I’ve never been very active in social media. Facebook has mostly been an easy way to share pictures of my kids with family and friends back home. I’m not even sure what Twitter is. But a little over a year ago, at one of the lowest points of my life, I found the support that I needed by logging into the internet and blogging every day.
There is endless support on facebook and television for women to relieve stress with a glass of wine or a couple of shots. Drinking has become synonymous with “ me time”. You can’t log into facebook without tripping over an ironic and delightfully funny blurb about the necessity of moms claiming their right to a drink. Mommy needs Vodka, Mommy Juice Wines, and OMG I so need a glass of wine or I’m gonna sell my kids, are all hugely popular face book pages. The “Happy Hour” on television begins on the Today Show at 10:00 Monday morning. Every weekday Kathie Lee and Hoda “celebrate” life with generous glasses of wine. On Friday afternoon Rachel Maddow winds down the news and information week with her Cocktail Moment. From comedies like Cougar Town and Modern Family to dramas like The Good Wife, beautiful, fit, likeable middle aged women are everywhere selling the image of drinking alcohol as an essential part of a life well lived.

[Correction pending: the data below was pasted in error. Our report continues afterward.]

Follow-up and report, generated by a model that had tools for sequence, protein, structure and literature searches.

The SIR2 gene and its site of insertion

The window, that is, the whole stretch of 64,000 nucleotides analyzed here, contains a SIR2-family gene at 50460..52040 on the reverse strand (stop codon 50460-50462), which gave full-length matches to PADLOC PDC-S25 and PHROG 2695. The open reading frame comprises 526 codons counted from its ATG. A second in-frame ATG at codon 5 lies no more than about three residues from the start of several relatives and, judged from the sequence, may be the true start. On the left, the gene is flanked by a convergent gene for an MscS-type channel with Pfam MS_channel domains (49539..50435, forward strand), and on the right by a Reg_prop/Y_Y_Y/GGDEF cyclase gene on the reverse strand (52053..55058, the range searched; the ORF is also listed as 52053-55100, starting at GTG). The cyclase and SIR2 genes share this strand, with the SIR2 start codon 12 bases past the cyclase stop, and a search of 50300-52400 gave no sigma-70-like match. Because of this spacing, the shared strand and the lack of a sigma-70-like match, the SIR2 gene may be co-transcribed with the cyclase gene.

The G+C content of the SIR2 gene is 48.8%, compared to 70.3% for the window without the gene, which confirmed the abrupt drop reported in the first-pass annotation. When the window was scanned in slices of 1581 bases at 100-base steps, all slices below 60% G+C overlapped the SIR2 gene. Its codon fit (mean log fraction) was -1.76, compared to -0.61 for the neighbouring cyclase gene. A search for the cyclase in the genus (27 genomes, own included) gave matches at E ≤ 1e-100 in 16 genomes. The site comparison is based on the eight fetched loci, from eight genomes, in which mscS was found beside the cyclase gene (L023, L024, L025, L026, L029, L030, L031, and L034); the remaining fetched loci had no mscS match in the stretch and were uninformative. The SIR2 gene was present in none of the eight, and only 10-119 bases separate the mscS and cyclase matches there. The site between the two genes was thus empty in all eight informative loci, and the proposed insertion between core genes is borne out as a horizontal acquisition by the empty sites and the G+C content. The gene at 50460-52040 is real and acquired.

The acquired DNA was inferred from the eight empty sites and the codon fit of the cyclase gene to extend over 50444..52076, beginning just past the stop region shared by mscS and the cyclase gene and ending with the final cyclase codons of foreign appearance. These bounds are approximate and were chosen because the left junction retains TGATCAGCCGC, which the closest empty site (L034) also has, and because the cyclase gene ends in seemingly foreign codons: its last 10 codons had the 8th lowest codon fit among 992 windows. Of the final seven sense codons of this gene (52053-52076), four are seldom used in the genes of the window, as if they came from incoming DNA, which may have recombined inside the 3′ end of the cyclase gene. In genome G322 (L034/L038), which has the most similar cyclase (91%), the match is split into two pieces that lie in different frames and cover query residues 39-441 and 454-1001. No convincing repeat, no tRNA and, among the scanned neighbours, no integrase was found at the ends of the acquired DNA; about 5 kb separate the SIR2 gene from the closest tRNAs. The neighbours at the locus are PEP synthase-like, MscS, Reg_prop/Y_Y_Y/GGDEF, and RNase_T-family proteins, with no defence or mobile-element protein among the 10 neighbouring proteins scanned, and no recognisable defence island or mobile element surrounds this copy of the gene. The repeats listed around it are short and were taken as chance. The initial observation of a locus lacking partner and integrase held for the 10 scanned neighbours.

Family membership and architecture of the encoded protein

About eight years ago I started to worry that I was slipping over the line from enthusiastic nightly drinker to addiction. But I found support everywhere I turned to see my habitual drinking as the new norm. When Ellen DeGeneres demonstrated that one of her holiday gift picks for 2012, the XL wine glass actually did hold an entire bottle of Merlot, her audience laughed with warmth and knowing enthusiasm and I breathed a sigh of relief. Every time Claire’s kids on Modern Family joked about her maybe being an alcoholic as she poured a glass of wine while making dinner, I felt like maybe I was being a bit overly dramatic. As I understood it alcoholism was a debilitating disease that I knew the fictional moms on my favorite shows didn’t have and neither did I. Alcoholism leads to dysfunctional families and while my little family had it’s quirks we were definitely not dysfunctional. I liked to drink like a lot of other women and like them I had everything under control.
Until I didn’t.